QESBA decries Legault plan as "simplistic and short-sighted"

MONTREAL, April 12 /CNW Telbec/ - "The challenges facing public education are complex and the stakes are high, but the answers won't come from dismantling democratic structures or denigrating the role of teachers," noted Quebec English School Boards Association (QESBA) President Debbie Horrocks in a statement released today. She was responding to proposals from former Education Minister François Legault that include abolishing elected school boards, testing teachers on the student marks they produce and creating patchworks of local schools, each with their own hiring authority.

"Quebecers understand that public education is a sacred trust, and they aren't about to sacrifice the future success and well-being of their children to simplistic and short-sighted solutions," Horrocks noted. Abolishing duly elected school boards and asking teachers to meet assembly-line targets for student marks are hardly constructive paths towards improvement in public education."

Legault's "Coalition pour l'avenir" calls for an end to Quebec's universally elected school boards and their replacement by regional councils based on the existing network of administrative regions. "Our nine English school boards across Quebec are a constitutionally protected level of government," Horrocks added, "and one that ensures our parents and communities are fully engaged in the control and management of the English schools we operate. Elected school boards ensure our ability to adapt programs to keep high school graduation rates far above the provincial average, to deliver superior French second-language programs, to answer to the communities we serve. That is not always an easy task but we are accountable for it each and every day. It is a mystery to me why a former Education Minister would decide that an overhaul to structures is the magical pathway to a better public school experience for the students who come through our doors each morning."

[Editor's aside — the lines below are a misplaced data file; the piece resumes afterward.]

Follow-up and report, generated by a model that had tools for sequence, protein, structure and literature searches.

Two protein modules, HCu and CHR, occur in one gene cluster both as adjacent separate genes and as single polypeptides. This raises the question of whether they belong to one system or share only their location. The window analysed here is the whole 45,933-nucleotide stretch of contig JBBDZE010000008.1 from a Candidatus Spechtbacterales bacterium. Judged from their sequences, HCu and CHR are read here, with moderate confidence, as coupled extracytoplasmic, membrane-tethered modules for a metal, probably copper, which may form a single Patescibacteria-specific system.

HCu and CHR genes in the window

QESBA has long called for improvements in the salaries paid to Quebec teachers - now among the lowest in Canada. On that point, Horrocks echoed M. Legault's preoccupations. The Association rejects, however, the suggestion that teachers' job security be abolished as a consequence. "We have philosophical and practical problems with that suggestion," she noted. "First, it's intellectually dishonest: every study in Quebec shows that, on a 15-year horizon, shortages of teachers at almost every level will continue. That means that there are not enough teachers to meet the demand. Second, QESBA believes fundamentally in accountability, and we have high expectations of our teachers across Quebec. They face complex and human challenges each day, in ensuring that every child reaches his or her full potential, in addressing a diversity of student potential and problems; we call on our teachers to accompany children in their whole development and to work with and report to parents on the progress they make. QESBA is not about to reduce that essential process to some arbitrary system of spot tests like M. Legault seems to be proposing."

QESBA is the voice of English public education in Quebec. Its nine member school boards serve some 105,000 students in 340 elementary and high schools, adult and vocational centres.


For further information:

Kim Hamilton
Director of Communications and Special Projects
514-849-5900, ext.: 225

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